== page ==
A SAHM's Message To Single Parents

by Elizabeth Broadbent
Originally Published: 
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Every weekday, all day, I parent small children. I wipe faces. I wipe butts. I fetch drinks and meals. I read aloud. I chauffeur people to various activities. We do school, and all it involves reading and writing and coercing children to write, math on the computer and intricate science experiments. I give hugs. I keep them from hitting each other. I arbitrate disputes about Legos and bug toys and wooden spoons. Sometimes I hide in the bathroom. Someone always finds me. I eat children’s leftovers for lunch. And this in between letting the dogs in and out, in and out, in and out.

And at 4:30 p.m., my husband comes home. We put on the TV and lay flat-out on the bed. Then he parents. He cooks dinner. He also wipes faces and butts and stops people from hitting each other. I may go-go-go all day. I may get tired. I may be ready to give up.

But I’m not a single parent.

I wake up slowly, whenever the kids wake up. I don’t have to drag my kids out of bed at 6 a.m. because they have to be at day care at 7:30 because I have to be at work at 8:00. I don’t work out of the home all day at a job I might hate — at least, my single-parent dad friend hates his, in part because he’d rather be home with his kids. I don’t have to race out of work so I miss traffic and hence miss day care late fees. Then, when it’s all over, I don’t have to meet all the needs of my children and household entirely alone. I am in awe of single parents.

There’s a lot of talk about the mommy wars, about stay-at-home moms versus work-out-of-home moms (which should really be “parents” because plenty of dads have a stake in this stuff too). There’s a sense that we’re against each other somehow, that we disagree with each other’s choices, and that we’re judging one another for our different situations.

Honey, I don’t judge you. I applaud you. Really, truly.

I don’t know how you parent without a partner. I bitch mightily when my husband leaves for the weekend, and though we do okay, it’s nowhere near the same as working and parenting all at the same time. I don’t know how you parent without the chance for a break. Without that sure knowledge that no matter how bad it gets, someone else is coming to relieve you. That if it really sucks, you can take a nap or a drive or something. That if you get sick, you can stay in bed and moan while someone else takes on the daily tasks. I take these things for granted.

The rumors state that stay-at-home moms deplore day care. I couldn’t care less. I know it’s a necessity on your part. You have to put the kids in day care, because where else are they going to go? You do your best to find a good place, a good fit, with people who care about your kids, and that’s all you can do. It’s a lot. It’s a tall order. I can’t imagine the trouble of finding a good place for your kids, and I can’t imagine what a giant pain in the ass it is when they close down, say, between Christmas and New Year’s, and you’re forced to find childcare on the spot for an entire week while maintaining a tight budget.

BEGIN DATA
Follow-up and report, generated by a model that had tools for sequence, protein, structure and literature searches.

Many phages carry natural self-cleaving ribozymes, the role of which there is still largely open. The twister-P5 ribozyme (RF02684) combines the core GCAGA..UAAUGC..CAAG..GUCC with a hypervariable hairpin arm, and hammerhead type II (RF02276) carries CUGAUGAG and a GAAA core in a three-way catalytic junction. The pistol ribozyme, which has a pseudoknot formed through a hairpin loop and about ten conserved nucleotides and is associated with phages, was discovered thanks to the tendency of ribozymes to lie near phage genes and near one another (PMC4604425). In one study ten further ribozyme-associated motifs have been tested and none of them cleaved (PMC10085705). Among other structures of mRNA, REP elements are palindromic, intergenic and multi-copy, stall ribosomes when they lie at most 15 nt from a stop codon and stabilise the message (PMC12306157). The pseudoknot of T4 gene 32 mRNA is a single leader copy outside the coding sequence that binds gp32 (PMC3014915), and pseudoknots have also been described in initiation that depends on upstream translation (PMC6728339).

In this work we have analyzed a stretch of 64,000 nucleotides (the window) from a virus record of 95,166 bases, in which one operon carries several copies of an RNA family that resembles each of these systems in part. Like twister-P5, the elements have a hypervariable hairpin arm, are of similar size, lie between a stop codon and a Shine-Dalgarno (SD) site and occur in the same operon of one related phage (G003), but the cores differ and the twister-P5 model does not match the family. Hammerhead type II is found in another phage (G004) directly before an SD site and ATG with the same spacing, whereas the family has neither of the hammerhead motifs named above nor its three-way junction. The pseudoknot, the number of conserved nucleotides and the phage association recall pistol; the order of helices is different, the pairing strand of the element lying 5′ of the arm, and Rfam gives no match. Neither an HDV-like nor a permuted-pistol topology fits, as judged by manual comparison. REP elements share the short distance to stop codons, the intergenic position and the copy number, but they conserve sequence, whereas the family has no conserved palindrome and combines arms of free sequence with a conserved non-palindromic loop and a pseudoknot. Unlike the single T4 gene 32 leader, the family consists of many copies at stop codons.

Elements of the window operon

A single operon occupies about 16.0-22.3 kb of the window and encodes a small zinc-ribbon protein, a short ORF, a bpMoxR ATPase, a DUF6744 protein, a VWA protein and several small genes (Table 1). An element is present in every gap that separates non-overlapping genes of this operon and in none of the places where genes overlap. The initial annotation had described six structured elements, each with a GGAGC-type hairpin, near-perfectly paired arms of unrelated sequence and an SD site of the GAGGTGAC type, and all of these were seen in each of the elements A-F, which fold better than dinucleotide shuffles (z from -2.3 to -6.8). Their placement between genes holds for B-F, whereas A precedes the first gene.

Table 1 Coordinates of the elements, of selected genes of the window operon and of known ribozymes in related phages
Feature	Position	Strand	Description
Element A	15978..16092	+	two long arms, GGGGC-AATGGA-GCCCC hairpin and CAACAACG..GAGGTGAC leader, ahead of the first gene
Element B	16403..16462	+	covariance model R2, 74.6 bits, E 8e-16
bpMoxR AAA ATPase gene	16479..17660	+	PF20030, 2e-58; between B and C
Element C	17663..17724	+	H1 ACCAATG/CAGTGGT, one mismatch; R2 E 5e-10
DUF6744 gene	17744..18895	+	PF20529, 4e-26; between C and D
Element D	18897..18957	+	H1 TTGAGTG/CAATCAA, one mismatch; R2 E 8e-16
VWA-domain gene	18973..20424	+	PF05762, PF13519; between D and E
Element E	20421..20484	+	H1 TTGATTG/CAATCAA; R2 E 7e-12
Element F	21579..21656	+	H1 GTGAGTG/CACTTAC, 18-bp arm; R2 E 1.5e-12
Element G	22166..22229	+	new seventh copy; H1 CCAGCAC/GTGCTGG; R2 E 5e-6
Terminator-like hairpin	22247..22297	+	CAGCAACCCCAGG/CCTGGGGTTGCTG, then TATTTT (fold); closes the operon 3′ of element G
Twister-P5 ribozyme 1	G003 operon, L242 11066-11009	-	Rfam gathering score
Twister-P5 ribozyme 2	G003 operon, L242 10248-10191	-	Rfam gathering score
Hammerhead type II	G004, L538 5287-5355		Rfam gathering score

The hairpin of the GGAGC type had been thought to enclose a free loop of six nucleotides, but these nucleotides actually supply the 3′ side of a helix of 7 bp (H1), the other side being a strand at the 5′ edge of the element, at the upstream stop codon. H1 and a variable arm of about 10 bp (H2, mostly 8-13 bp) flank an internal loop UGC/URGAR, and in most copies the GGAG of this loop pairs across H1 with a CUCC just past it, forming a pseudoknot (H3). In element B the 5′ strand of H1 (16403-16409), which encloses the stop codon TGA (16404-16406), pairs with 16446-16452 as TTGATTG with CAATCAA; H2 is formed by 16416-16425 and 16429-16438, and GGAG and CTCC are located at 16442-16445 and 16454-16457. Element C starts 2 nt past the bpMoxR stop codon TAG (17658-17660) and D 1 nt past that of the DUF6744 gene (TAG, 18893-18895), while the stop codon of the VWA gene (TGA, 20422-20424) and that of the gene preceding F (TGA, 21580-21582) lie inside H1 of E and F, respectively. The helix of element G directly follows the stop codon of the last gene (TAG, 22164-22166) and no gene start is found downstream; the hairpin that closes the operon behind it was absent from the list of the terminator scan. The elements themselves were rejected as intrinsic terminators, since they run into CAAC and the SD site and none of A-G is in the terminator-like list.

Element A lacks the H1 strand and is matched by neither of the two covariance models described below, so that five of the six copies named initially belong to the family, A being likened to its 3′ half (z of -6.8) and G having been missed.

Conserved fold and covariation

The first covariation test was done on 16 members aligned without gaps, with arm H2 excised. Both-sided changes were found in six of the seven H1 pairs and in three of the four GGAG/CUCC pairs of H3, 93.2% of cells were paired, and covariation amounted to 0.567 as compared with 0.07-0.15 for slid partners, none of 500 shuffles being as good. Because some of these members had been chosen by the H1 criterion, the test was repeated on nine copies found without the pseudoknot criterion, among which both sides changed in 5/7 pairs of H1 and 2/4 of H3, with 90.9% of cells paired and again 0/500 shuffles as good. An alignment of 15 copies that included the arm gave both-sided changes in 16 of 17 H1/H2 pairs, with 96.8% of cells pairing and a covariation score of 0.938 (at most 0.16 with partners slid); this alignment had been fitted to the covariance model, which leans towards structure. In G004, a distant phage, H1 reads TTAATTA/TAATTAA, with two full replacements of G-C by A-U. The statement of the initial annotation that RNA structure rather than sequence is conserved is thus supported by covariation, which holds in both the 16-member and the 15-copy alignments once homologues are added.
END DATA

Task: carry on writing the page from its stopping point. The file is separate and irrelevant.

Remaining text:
And I can’t imagine a long day’s work, coming home, and doing it all over again without any help — without any respite. Suddenly there’s the face-wiping. The cooking. The lunch packing. The cleaning the whole house, because who else do you have to help you clean? Not to mention the laundry. You do all the laundry: wash, dry, sort, fold, insert into drawers. I complain and get stalled at drying.

You don’t have that luxury. You lay out your clothes; you lay out the kids’ clothes. You are the sole keeper of socks. You make sure they have enough clean underwear. It’s those little details, the making sure you have enough ketchup, that everyone’s shoes fit properly, the times you realize you need to buy more bread, and it’s 8 p.m. and you have to load up everyone and go so they can have lunches tomorrow. These are the moments of heroes. The real MVPs.

All this, and you keep your kids full of food, feeling loved, educated, and taken care of. I have help and support with all of these things, and I still feel overwhelmed, exhausted, burnt-out. You likely feel this way too, because that’s the reality of parenting, but you can’t tap out. You keep going.

So let’s put down the truncheons of the mommy wars. Let’s stop bitching about formula or breastfeeding or day care or preschool. We are all rolling our eyes because we are so burnt-out over these internet bitch-fests anyway, am I right? Let’s stop castigating mamas and daddies who may miss a birthday party or a sporting event. Many of us don’t know this struggle. I don’t know this struggle. But I can look at your happy, healthy kids, and I know that you’re my hero.

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